What Greenspan did not do was listen to warnings about subprime. The Fed had substantial regulatory and moral-suasion power. They could have done a lot to limit the excesses. It's more what he failed to do during the boom than what he did in response to the last slump...

The inflation happening right now is not being fed by expectations of inflation - there's no self-reinforcing process - it's just mostly commodity prices going through the roof. That's not pleasant, but it's not something the Fed needs to be all that worried about, as long as it stops there...

I look at the euro at $1.53 and cheer - not for this European trip I'm planning to take after classes are done. But for manufacturing plants in the Midwest, it's a very good thing. Arguably the only good thing we have going for the U.S. economy now is the weak dollar and how that helps exports...

I'm looking at the increase in interest-rate spreads, with the LIBOR (London interbank offered rate) pulling away from U.S. Treasury bills. When the spread gets that big, it suggests that banks are losing trust in each other. Various measures of panic in the markets are looking bad again. I've been thinking to myself, This is now the fourth wave. We had a first wave more than a year ago, when subprime first began to go. And everyone said that was contained. We had a second wave last August, when things started going to hell. We had a third wave late in the fall, and heroic efforts seemed to bring the problems under control. And now here we go again. This is starting to look like a much more comprehensive financial crisis...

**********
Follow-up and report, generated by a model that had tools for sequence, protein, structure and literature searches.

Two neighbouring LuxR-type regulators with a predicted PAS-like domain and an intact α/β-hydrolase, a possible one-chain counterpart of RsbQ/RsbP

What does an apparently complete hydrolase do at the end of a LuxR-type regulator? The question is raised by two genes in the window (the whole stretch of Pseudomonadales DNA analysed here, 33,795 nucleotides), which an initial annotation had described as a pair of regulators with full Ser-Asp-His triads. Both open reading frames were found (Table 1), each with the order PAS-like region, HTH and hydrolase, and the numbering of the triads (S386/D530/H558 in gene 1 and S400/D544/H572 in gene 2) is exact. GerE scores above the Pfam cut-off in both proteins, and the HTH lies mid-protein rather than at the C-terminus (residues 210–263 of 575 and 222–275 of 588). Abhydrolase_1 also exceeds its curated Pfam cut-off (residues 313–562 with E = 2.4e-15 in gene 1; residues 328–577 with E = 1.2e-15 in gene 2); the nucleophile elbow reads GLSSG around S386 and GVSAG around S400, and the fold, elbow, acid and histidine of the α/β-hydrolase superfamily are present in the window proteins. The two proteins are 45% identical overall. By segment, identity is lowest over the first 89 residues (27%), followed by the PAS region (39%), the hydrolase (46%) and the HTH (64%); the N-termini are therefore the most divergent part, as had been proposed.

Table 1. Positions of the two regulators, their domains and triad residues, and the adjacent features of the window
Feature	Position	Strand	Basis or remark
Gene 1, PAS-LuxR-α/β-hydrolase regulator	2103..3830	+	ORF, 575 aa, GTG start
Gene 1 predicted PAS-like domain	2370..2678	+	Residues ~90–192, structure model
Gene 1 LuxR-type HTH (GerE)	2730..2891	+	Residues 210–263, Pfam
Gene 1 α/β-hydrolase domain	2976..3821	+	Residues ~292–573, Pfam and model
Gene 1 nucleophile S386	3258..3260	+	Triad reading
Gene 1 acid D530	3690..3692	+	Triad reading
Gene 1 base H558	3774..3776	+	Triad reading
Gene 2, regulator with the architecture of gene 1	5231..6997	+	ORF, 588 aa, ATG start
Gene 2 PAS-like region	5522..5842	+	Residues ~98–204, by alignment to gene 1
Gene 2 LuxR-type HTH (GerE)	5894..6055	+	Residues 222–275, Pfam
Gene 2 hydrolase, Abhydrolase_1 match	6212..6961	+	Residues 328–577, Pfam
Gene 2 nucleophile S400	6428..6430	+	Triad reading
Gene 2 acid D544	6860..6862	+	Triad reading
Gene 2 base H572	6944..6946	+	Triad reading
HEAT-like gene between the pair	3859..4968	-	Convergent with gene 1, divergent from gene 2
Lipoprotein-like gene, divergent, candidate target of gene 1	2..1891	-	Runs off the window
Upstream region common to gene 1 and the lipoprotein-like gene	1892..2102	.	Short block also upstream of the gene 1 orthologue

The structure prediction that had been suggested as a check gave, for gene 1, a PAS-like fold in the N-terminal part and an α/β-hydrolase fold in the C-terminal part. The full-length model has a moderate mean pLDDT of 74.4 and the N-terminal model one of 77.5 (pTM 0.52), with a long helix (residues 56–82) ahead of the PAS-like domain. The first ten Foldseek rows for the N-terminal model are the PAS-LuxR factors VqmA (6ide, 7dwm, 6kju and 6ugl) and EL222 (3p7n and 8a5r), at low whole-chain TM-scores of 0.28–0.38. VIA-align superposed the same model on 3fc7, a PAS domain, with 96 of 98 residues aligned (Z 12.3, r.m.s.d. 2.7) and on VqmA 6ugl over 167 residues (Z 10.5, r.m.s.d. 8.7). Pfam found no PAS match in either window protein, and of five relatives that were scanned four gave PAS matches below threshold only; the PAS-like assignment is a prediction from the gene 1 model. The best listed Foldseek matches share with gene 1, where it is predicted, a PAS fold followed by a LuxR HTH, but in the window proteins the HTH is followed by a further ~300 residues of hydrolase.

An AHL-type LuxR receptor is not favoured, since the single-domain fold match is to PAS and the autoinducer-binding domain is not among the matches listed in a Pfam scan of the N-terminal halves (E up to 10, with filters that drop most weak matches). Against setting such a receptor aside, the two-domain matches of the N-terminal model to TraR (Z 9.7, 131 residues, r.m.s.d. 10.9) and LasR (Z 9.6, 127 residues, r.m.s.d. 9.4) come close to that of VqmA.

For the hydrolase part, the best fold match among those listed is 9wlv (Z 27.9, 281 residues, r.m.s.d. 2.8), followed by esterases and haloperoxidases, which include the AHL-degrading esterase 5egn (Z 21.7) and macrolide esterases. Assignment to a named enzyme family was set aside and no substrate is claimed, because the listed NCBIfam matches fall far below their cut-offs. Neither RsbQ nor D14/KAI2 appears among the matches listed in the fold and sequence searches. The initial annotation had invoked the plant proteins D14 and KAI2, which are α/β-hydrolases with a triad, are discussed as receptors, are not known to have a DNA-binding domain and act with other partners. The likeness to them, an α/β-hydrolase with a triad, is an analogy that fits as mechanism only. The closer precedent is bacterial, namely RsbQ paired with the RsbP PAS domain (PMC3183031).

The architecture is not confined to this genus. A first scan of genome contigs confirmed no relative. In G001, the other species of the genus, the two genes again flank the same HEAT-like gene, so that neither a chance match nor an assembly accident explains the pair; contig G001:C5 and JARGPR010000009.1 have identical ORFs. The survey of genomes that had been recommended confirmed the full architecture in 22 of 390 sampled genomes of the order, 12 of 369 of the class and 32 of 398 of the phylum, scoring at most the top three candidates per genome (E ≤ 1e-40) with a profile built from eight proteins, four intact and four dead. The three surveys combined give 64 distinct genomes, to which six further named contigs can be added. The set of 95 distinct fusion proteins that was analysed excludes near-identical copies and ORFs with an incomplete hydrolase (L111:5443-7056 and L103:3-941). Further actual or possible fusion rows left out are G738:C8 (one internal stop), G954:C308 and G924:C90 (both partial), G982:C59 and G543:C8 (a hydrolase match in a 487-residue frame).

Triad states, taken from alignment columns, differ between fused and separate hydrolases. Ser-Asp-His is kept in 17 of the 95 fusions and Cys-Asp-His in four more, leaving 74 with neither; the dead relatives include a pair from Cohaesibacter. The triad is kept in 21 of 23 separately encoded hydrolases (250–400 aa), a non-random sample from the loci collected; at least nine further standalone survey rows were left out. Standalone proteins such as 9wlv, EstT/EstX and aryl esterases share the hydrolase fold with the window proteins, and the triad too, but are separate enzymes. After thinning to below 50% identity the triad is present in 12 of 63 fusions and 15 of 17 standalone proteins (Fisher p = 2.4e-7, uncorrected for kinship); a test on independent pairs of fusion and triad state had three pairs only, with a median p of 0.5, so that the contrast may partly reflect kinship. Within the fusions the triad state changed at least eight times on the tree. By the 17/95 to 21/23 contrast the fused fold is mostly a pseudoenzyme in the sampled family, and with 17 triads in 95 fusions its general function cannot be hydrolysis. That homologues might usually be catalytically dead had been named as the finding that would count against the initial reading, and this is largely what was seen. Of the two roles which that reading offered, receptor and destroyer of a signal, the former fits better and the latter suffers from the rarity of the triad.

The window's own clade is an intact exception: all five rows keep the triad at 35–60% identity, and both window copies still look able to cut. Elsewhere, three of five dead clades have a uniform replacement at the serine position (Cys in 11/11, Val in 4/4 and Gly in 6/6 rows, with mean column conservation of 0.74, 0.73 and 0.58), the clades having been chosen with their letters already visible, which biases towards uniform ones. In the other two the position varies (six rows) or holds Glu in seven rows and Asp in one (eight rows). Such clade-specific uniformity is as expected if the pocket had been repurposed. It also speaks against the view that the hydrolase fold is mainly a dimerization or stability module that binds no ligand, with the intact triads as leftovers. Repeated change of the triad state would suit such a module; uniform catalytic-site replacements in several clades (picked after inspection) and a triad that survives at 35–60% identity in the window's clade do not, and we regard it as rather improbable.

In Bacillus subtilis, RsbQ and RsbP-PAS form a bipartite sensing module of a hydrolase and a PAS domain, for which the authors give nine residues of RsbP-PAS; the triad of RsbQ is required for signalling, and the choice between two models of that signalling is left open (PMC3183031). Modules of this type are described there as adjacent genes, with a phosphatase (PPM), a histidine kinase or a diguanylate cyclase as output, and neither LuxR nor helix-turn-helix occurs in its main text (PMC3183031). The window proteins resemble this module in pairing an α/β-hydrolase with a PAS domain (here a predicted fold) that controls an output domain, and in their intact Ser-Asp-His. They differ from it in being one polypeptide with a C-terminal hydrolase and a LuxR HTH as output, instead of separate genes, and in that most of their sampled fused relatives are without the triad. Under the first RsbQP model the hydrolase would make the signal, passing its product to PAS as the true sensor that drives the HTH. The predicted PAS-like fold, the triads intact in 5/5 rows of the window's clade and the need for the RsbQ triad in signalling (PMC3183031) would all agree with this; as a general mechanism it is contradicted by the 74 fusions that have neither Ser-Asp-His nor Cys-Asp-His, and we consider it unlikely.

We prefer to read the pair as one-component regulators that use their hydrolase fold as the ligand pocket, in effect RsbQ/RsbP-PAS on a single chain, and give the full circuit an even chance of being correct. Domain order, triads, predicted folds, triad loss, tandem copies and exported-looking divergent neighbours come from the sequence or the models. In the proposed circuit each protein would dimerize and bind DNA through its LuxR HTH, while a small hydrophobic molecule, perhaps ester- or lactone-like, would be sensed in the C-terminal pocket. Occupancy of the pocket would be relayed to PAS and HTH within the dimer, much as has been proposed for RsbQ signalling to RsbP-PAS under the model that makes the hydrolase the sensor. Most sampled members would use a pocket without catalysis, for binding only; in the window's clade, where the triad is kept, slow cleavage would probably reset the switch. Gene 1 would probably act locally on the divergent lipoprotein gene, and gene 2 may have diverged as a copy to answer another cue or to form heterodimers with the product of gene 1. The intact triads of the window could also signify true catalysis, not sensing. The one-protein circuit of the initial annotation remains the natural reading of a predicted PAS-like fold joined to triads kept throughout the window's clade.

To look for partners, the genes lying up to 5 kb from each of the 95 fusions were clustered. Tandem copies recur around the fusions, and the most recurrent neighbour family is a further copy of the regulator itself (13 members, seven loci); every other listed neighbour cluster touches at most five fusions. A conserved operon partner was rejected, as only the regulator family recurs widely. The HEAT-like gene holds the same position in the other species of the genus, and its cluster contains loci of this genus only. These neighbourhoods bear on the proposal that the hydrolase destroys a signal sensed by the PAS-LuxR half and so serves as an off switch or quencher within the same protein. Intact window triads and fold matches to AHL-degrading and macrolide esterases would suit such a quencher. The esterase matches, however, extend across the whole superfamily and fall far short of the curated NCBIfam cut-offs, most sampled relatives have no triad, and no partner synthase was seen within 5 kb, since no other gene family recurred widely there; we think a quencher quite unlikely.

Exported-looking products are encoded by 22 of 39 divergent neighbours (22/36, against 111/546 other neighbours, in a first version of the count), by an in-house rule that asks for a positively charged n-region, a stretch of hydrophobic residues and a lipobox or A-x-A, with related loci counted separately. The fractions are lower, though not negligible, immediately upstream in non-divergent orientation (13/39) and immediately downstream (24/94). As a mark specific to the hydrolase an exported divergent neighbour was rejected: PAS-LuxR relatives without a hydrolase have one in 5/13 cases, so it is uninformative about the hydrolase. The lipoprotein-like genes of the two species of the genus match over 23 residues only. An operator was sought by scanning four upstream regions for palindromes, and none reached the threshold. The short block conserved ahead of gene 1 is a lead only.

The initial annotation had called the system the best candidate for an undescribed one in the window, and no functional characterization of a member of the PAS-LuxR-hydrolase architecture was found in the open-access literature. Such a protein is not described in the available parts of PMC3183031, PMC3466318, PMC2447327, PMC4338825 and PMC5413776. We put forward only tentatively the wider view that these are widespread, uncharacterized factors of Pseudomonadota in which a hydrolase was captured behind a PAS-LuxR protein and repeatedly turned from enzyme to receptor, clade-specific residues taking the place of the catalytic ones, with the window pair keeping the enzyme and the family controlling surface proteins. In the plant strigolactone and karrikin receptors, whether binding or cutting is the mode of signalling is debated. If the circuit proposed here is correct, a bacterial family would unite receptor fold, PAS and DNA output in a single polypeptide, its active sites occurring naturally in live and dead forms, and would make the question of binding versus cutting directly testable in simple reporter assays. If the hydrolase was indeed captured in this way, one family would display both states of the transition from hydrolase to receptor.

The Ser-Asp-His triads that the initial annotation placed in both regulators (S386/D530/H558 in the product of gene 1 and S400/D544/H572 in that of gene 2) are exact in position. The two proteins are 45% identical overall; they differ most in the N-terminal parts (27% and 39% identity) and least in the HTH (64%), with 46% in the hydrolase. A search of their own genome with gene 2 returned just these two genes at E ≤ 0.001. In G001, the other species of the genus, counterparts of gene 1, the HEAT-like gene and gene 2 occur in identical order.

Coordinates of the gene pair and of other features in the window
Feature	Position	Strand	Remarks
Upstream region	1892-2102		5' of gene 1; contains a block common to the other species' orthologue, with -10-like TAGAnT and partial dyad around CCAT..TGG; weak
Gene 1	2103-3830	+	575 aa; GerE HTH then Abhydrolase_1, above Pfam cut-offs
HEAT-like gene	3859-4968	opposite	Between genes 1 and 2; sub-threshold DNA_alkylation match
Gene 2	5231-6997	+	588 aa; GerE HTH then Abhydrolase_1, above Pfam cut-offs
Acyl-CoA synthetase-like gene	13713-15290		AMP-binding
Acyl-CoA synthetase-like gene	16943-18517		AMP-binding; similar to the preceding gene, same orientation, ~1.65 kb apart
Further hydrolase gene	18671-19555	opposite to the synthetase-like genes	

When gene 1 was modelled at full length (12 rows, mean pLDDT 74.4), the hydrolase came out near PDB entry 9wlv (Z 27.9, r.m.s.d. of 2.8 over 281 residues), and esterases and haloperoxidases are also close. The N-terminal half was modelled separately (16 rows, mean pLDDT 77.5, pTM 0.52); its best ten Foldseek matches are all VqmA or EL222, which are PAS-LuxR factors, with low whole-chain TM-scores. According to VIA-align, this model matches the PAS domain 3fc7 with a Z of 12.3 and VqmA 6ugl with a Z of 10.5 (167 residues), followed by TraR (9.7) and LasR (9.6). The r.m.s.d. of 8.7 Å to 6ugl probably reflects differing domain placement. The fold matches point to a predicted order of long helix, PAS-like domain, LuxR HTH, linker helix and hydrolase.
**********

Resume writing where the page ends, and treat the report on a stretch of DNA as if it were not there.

It seems to me like every few weeks there's another $300 billion market I've never heard of that has just collapsed. And there's credit cards, auto loans - I don't know what's next. But it's clear we're going to have a commercial real estate crash not too far short of the severity of the housing crash...

If you look historically at other financial crises, they typically end up with big government bailouts. But how's that going to work in this case? We don't even know who to bail out. And part of the problem is we don't even know who owes what to whom...

How much in the end does the ability of consumers to keep spending get affected by what's going on in fairly abstruse financial markets? So I'm not quite sure how this works. Maybe that's a reason for hope. Maybe it'll turn out that all this Wall Street stuff is just less important than we think it is.

3 comments:

sfvrealestate said...

Patrick, this was really interesting. Although I'm not an economist, I have to disagree with one thing: I think the falling dollar/rising inflation really is hurting the working- and middle-class. Bread and gas are both hovering around $4 now...that's got to affect purchasing power, yes?

Patrick Duffy said...

He's referring to businesses rather than individuals; if inflation rises for goods & services but wages don't rise with them, then yes, that would certainly impact purchasing power.

$4 for bread? Not at Trader Joe's!

sfvrealestate said...

That's where we're buying our bread, too.